TRENTON, N.J. (CBSNewYork/AP) — Gov. Chris Christie says the winter storm that was expected to drop several inches of snow across New Jersey turned out to be an “under performer.
The state of emergency he issued Monday night for the Garden State has been lifted, but the governor still urged residents to stay off the roads so crews can continue their cleanup efforts, especially in northern Jersey.
The storm has dropped double-digit snow amounts across northern Jersey, and plow crews are working hard to clear streets and highways.
“It’s sleet and freezing rain so it’s just making things much worse,” Rockaway resident Hank Klausman told CBS2’s Andrea Grymes.
But as the governor said, the storm wasn’t bad as originally thought. Still, Christie said in an afternoon press conference they wanted to be prepared for the worst.
Snow drifts four-feet deep felt mountainous Tuesday night for Sussex County resident Christina Olerton, who tells CBS2’s Vanessa Murdock that she’s lived in Hardyston for 15 years and has not once gotten stuck clearing snow on her quad before. Now, she’s at a standstill and those big wheels won’t take her anywhere.
Some in Morris County braved the bone-chilling temperatures at Rockaway’s Hibernia Diner. Frank — clad in short sleeves — says the roads are tough even for his four-wheel-drive vehicle.
The storm kept State Police busy, responding to hundreds of stuck cars and accidents. Earlier Tuesday, parts of Rt. 80 were especially treacherous.
Central Jersey saw little snow and mostly rain fell in southern areas of the state.
“It’s a tale of three storms for New Jersey,” Christie told CBS2’s Chris Wragge and Mary Calvi early Tuesday. “In the southern part of our state you’re dealing with mostly rain, freezing rain and sleet. On the Jersey Shore this is going to be the most difficult time for us because high tide has come in and we’re going to see some moderate flooding at the shore. Then here in the northern part of that state you’re going to see a lot of snow, a lot of wind and it’s going to make clearing the roads up here in the northern part of the state even more difficult.”
The state’s Department of Transportation redeployed resources in the south for snow removal up north to deal with the changing course of the storm.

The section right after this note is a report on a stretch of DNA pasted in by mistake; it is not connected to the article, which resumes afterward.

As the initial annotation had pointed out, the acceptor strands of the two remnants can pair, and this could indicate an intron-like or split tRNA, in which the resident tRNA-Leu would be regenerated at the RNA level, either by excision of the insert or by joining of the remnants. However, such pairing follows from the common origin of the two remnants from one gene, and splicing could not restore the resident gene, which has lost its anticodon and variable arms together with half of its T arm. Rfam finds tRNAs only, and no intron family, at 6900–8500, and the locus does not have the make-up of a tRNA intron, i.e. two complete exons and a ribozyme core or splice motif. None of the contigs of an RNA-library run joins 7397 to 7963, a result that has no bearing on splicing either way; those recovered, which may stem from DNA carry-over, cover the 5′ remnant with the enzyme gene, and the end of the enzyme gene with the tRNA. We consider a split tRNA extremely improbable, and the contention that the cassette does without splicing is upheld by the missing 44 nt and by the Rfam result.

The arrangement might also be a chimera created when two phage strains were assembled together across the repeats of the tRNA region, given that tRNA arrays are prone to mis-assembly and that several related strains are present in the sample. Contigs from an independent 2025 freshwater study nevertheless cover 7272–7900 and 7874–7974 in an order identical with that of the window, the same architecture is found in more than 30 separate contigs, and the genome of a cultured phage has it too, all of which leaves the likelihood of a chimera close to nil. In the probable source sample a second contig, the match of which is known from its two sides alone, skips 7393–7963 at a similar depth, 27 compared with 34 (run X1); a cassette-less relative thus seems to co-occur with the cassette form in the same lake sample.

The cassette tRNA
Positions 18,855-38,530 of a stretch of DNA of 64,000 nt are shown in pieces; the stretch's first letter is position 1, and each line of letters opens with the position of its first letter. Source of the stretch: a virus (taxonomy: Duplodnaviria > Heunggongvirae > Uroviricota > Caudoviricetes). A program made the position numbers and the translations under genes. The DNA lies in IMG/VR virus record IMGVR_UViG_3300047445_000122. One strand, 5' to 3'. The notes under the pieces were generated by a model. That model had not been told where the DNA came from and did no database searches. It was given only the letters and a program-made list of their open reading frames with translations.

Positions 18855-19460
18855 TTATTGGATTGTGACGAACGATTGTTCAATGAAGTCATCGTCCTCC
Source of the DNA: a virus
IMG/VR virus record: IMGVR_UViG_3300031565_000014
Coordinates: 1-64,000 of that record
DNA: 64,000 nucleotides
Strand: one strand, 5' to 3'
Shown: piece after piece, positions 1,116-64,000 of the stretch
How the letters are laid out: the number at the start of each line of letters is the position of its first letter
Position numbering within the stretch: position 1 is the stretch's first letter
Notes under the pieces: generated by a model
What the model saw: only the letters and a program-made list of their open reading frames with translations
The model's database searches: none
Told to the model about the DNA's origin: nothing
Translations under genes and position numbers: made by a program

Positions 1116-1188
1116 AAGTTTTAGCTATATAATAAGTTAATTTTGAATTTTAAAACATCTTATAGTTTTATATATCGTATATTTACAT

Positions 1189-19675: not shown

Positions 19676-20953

The National Weather Service cancelled a blizzard warning for coastal areas in New Jersey Tuesday morning, but a coastal flooding advisory remained in effect for much of the day.
“This is the day to stay inside, it is not the day to go out unless you absolutely have to because it’s very dangerous out there,” Christie said.
New Jersey Office Of Emergency Management Chief Captain Matt Horner warned residents to stay alert, and to “not be fooled” by the lack of snow.
“We are certainly seeing more icing conditions, and that is even more treacherous sometimes than the snow we would have been getting if the forecast had held,” Horner told CBS2.
Downed trees were causing some issues throughout Bergen County. One home in Westwood saw some damage after a tree crashed into roof, CBS2’s Raegan Medgie reported. The tree was standing in the backyard of the Park Place home before falling.
No injuries were reported and PSE&G officials responded to the scene.
Another toppled tree on Racetrack Road in Ho-Ho-Kus pulled down power wires and a transformer, causing 1,200 people to lose power.
In Montclair, roads were plowed Tuesday morning, but snow was piling up fast, CBS2’s Magdalena Doris reported.
One deli worker got started shoveling early.
“It’s a lot, it’s probably going to be going like this all day,” he said.
In Paramus, a string of plows paraded down the snowy roadway, clearing the area as totals began to pick up.